Karolina Jones (49) has two pensions. One is worth £50,000 and is an auto-enrolment scheme from her current job working for a legal aid charity. The other is worth £200,000 and came from a transfer out of a former employer’s defined benefit scheme in 2017.
Karolina had always preferred the idea of defined contributions pensions: even though she understood the value of defined benefit pensions, she’s always preferred the idea of having greater control over the funds and greater flexibility for accessing them. Despite this, she still probably wouldn’t have considered the transfer if she hadn’t heard from her former colleagues that her old employer was suddenly closing down and there were rumours that the pension scheme was in trouble.
Karolina was aware that defined benefit transfers were big news in 2017. She’d seen some of the high profile cases of defined benefit schemes going wrong, and started to feel like she’d stepped straight out of one of those stories. On the other hand, she’d also seen stories of people transferring out of schemes when it wasn’t in their best interests. One of her close friends, who Karolina knew to be very cautious and financially savvy, had lost a large portion of his pension savings after he was convinced to transfer to a new product and investment which turned out to be a scam. Given her conversations with her former colleagues Karolina was still convinced that transferring was the right decision, but she was equally determined to do her research and make things go as smoothly as possible.
Karolina’s research showed that she would be required to take financial advice before transferring, as her transfer value would be above £30,000. Karolina did not mind paying for the advice, and made sure that she researched a reputable FCA registered firm to work with. Karolina also researched pensions and decided where she would like to transfer: to a well-known firm with a low-cost product which seemed to meet her requirements.
Karolina met with her chosen financial adviser, but after reviewing Karolina’s circumstances, the adviser confirmed that she could not recommend the transfer. Karolina understood the adviser’s reasons, but after considering the matter further she decided that she still wanted to transfer. She knew from her research that while she had to take advice before transferring, the advice didn’t have to result in a recommendation to transfer. However, she also knew that many providers wouldn’t accept a transfer without a recommendation. She checked with the provider she had selected and found that they would accept the transfer, so arranged for the funds to be moved.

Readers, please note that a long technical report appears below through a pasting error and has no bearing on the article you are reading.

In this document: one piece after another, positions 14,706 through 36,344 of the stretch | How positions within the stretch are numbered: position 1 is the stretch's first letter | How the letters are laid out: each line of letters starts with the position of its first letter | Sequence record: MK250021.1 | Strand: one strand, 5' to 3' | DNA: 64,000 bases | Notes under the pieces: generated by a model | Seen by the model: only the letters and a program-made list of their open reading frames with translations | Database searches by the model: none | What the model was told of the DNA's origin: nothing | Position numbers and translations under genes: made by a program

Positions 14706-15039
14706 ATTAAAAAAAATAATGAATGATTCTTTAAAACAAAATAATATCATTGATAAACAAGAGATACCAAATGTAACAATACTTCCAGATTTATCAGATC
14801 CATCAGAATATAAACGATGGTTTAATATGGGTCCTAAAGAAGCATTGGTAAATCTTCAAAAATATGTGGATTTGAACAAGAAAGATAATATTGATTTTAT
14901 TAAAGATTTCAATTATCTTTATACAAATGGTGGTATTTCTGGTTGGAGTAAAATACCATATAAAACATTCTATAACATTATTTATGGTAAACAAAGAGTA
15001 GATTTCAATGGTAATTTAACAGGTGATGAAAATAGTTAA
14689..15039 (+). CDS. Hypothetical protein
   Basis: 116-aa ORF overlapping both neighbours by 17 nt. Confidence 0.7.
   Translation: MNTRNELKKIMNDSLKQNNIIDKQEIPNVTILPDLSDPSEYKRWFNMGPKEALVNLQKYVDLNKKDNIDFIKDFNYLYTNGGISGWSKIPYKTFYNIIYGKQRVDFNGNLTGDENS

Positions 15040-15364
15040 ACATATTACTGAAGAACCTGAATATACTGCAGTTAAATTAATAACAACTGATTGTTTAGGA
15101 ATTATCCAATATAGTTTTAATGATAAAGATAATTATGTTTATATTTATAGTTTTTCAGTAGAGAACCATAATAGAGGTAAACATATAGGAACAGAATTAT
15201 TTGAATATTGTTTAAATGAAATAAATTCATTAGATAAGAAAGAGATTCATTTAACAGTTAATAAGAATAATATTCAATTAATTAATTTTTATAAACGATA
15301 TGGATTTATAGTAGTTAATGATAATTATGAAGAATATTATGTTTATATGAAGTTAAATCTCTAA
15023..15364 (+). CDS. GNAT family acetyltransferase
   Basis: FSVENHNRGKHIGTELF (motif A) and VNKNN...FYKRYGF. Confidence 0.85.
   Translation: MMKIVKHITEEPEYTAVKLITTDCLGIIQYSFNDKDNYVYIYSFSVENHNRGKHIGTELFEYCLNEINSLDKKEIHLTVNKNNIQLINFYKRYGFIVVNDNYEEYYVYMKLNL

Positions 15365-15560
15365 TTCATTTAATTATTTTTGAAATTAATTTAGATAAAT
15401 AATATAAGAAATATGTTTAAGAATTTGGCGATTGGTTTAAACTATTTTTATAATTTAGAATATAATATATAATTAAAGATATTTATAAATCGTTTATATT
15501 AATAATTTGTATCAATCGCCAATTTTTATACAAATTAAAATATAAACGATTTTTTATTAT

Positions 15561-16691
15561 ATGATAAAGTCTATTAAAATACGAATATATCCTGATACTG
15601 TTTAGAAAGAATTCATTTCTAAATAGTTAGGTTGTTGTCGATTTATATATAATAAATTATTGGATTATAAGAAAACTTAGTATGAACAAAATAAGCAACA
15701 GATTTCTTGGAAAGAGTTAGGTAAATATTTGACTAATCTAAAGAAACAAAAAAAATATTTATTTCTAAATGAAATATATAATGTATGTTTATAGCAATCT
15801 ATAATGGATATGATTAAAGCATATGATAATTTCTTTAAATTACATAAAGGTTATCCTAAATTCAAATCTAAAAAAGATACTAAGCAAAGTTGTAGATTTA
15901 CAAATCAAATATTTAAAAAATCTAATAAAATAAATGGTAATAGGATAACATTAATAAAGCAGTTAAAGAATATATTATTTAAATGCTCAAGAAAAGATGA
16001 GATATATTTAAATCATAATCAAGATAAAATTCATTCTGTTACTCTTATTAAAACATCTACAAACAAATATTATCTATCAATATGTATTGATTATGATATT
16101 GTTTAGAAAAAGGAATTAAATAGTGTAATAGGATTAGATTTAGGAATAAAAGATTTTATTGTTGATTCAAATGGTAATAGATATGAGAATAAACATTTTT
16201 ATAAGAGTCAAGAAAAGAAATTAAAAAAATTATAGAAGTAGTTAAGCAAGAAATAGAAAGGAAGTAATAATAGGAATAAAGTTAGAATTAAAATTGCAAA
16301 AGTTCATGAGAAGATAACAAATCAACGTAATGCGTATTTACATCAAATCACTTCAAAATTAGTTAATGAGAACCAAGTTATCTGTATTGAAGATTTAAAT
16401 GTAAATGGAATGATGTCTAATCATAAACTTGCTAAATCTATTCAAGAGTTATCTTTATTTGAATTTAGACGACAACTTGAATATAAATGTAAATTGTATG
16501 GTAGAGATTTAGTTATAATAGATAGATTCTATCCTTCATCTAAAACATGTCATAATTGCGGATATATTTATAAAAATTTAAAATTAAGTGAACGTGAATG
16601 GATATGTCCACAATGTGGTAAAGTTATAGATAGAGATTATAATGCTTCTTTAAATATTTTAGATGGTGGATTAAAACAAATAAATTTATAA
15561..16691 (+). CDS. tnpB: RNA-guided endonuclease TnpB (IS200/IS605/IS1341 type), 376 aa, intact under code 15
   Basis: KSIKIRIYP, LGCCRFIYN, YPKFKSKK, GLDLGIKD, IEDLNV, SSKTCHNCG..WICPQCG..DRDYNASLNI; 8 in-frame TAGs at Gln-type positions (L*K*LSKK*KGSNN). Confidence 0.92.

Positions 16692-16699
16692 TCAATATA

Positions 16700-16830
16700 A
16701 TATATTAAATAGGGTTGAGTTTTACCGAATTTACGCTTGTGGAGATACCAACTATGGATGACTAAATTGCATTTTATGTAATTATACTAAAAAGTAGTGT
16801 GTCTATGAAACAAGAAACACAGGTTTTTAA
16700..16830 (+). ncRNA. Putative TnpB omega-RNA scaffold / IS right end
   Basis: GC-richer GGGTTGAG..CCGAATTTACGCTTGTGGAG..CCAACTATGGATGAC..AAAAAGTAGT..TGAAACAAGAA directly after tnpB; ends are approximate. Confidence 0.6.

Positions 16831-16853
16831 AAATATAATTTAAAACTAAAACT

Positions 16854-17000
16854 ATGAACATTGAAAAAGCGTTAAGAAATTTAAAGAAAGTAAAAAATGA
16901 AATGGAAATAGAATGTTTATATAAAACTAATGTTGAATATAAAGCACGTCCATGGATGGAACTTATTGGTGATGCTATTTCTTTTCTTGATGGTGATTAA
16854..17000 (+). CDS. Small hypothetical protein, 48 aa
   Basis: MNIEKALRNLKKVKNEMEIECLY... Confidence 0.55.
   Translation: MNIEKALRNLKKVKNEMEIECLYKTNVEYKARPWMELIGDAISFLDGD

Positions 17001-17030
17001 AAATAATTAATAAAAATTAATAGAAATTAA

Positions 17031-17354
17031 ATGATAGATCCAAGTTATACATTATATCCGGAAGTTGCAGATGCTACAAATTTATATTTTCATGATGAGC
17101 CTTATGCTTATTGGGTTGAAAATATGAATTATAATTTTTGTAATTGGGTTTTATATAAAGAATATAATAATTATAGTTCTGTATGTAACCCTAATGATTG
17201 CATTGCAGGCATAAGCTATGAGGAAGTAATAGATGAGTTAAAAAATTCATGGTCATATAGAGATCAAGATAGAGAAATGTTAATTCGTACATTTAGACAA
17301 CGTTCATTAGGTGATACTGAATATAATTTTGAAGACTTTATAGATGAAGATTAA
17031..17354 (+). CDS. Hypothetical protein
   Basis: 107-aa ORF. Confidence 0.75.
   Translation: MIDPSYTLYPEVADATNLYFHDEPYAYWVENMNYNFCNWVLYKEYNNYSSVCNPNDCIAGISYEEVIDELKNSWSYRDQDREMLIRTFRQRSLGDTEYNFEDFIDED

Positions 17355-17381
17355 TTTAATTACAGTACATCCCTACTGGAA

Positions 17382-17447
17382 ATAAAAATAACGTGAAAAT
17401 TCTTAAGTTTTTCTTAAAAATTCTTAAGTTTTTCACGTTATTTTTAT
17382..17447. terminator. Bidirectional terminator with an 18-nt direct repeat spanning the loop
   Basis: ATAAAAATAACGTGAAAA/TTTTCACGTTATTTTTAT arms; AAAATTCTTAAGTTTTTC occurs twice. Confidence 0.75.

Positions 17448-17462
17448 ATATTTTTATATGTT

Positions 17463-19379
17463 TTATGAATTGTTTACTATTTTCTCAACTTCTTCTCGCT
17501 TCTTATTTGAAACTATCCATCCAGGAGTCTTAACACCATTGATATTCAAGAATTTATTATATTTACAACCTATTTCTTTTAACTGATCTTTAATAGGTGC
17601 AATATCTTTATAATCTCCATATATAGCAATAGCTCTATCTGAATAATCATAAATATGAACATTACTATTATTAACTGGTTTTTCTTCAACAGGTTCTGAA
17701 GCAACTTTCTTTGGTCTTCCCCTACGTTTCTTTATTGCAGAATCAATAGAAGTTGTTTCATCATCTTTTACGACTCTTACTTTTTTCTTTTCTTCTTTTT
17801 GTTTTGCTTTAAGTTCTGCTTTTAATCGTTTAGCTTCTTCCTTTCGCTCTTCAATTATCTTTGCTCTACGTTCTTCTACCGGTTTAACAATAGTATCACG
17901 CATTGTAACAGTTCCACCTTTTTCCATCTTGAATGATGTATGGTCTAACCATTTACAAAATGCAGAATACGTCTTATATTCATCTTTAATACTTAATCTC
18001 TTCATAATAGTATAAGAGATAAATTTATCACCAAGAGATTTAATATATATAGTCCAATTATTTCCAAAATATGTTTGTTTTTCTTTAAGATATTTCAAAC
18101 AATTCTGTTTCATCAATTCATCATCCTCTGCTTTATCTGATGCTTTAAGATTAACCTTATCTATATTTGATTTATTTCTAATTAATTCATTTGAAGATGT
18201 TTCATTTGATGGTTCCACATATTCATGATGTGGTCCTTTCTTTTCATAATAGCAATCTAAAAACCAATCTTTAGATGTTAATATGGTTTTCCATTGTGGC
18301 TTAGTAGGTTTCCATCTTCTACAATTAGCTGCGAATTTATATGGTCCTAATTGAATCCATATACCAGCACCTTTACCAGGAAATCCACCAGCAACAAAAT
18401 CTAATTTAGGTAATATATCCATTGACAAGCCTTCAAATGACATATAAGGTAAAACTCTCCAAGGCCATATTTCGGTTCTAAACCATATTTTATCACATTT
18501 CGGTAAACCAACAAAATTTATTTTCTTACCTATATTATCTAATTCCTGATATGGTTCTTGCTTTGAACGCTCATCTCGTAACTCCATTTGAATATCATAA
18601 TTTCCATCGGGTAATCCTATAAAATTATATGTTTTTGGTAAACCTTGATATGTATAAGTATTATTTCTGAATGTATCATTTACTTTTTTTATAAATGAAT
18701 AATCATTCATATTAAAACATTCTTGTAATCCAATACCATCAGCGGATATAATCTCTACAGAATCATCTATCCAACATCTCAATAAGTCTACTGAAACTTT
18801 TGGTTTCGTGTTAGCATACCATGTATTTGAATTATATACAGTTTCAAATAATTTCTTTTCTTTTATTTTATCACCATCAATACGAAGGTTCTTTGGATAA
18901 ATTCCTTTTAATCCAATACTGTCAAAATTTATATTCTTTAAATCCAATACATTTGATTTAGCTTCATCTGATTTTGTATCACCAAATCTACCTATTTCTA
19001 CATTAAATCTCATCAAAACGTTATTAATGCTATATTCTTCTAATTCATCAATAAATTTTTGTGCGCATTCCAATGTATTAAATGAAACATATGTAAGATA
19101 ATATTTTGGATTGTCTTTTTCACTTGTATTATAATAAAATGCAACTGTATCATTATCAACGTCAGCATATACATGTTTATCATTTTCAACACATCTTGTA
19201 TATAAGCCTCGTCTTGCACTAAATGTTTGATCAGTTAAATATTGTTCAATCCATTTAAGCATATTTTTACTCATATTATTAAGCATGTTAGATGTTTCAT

Karolina had planned to research her investment options in her new pension and choose some appropriate investments. She knew that unlike her workplace pension, this product did not have default investments and her pension would be in cash until she made a decision. However, there was so much uncertainty about Brexit at the time that Karolina struggled to make a decision. Her father Harald’s health also began to decline, pushing the pension further down her list of priorities. Despite her best intentions at the beginning, Karolina’s pension has now been sitting in cash for two years.
Harald has recently gone into care, which has freed up some of Karolina’s time. She’s now taking a serious look at her pension again. She’s thought more about the types of investments she’d like, and has decided she’d like to explore a number of ethical investment funds. However, looking more closely at her chosen pension, Karolina realises that she won’t be able to access the range of investments she’s considering. Prompted by her family’s recent challenges sorting out the death benefits from her mother-in-law’s pension, she also looks more closely at her provider’s death benefits options and finds that it’s more restrictive than she’d thought.
While Karolina is still happy with her decision to transfer away from her defined benefit scheme, she realises that on closer inspection, the product she chose isn’t the best fit for her requirements. Now that she has some time to commit to organising her affairs, Karolina plans to consult a financial adviser again. She wants to discuss her planned investment choices, and explore possible products which will suit her retirement needs, and the needs of her beneficiaries when the time comes.
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